There is a 5% platform fee, which is based on your grocery total. So if you're spending $100, it'll be $5 that goes to Dumpling for using their app. The shopper can choose to pay that platform fee. I might consider it going forward so the customer just has to pay me and no fees to use the Dumpling platform.
I, the shopper pay a monthly fee to be featured on Dumpling so in my opinion, the platform fee is slightly unnecessary.
The shopper gets to set their own fees.
I set mine to $18 because that's what I would like Instacart to pay per order as base pay (fat chance, it pays $9 in my area and $7 in most other areas of the country). I've since set it to $15 to make sure I actually am competitive against other Dumpling shoppers in the area.
Then there is an optional gratuity in addition to the $18. Again, if you're used to tipping $30+ on Instacart this isn't really a huge difference for the fact that you're getting to choose a professional shopper.
This is my neighbor's invoice after completing the order from my perspective with my earnings listed as well.
It shows how much she paid for the groceries plus my fees for shopping and delivery and then she chose to give me a $20 on top of that.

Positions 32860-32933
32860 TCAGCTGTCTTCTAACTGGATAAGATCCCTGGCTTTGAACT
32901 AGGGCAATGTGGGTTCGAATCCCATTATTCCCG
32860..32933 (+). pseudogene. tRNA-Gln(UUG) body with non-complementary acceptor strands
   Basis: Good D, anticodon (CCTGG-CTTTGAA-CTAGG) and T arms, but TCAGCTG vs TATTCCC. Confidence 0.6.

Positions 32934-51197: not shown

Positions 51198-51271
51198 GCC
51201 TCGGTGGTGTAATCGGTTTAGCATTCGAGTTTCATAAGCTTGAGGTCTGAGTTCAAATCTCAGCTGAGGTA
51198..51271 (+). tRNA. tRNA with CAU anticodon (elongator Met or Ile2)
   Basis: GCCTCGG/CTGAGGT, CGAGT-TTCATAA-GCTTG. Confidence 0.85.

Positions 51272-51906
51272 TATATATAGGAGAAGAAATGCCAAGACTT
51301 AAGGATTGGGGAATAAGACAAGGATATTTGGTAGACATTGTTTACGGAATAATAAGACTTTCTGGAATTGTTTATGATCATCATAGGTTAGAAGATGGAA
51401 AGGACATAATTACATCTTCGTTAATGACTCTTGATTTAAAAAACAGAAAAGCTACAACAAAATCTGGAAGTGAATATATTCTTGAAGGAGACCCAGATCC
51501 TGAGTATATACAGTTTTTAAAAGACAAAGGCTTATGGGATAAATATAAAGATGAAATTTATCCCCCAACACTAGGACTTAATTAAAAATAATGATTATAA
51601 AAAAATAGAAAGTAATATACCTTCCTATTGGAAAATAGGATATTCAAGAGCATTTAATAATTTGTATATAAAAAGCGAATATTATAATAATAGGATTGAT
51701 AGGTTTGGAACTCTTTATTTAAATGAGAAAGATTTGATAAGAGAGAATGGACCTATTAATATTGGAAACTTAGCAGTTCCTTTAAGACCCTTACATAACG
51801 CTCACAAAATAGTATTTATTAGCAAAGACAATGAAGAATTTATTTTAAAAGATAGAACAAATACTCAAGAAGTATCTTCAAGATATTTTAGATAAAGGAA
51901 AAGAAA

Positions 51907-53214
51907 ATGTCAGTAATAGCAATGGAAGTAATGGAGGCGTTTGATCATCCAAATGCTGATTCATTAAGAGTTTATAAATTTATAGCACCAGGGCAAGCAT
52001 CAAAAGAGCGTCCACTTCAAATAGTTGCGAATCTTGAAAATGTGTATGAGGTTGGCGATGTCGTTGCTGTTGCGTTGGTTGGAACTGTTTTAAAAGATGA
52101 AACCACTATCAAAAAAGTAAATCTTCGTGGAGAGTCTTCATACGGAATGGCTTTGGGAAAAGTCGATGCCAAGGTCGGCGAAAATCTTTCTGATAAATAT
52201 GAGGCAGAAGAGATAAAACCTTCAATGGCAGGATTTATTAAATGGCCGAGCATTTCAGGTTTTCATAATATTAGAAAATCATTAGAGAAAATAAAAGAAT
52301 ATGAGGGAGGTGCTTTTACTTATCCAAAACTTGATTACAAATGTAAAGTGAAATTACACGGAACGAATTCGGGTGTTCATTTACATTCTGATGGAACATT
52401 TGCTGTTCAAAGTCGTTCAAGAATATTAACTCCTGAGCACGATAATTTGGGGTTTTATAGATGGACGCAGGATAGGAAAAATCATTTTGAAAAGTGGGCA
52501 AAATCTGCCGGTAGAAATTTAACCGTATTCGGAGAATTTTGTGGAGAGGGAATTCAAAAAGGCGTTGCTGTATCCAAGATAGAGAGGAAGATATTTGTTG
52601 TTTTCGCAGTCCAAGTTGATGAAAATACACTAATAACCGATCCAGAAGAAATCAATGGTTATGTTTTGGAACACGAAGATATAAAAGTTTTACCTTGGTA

The prices she paid at Aldi were in-store prices, nothing more.
Notice the platform fee that's 5% of the order total; in her case, the order was just a little over $29 so 5% is not too bad.
Like I said, I'm considering waiving that for future orders but if it's an order above $300 that'll get a little expensive so I'd have to make up for it somehow.
You can see my earnings for that order as well as a processing fee Dumpling charges me. So there are some fees that Dumpling charges that are also a little strange but if you compare it to what you get on Instacart for similar fees and tip, it's probably comparable if not better.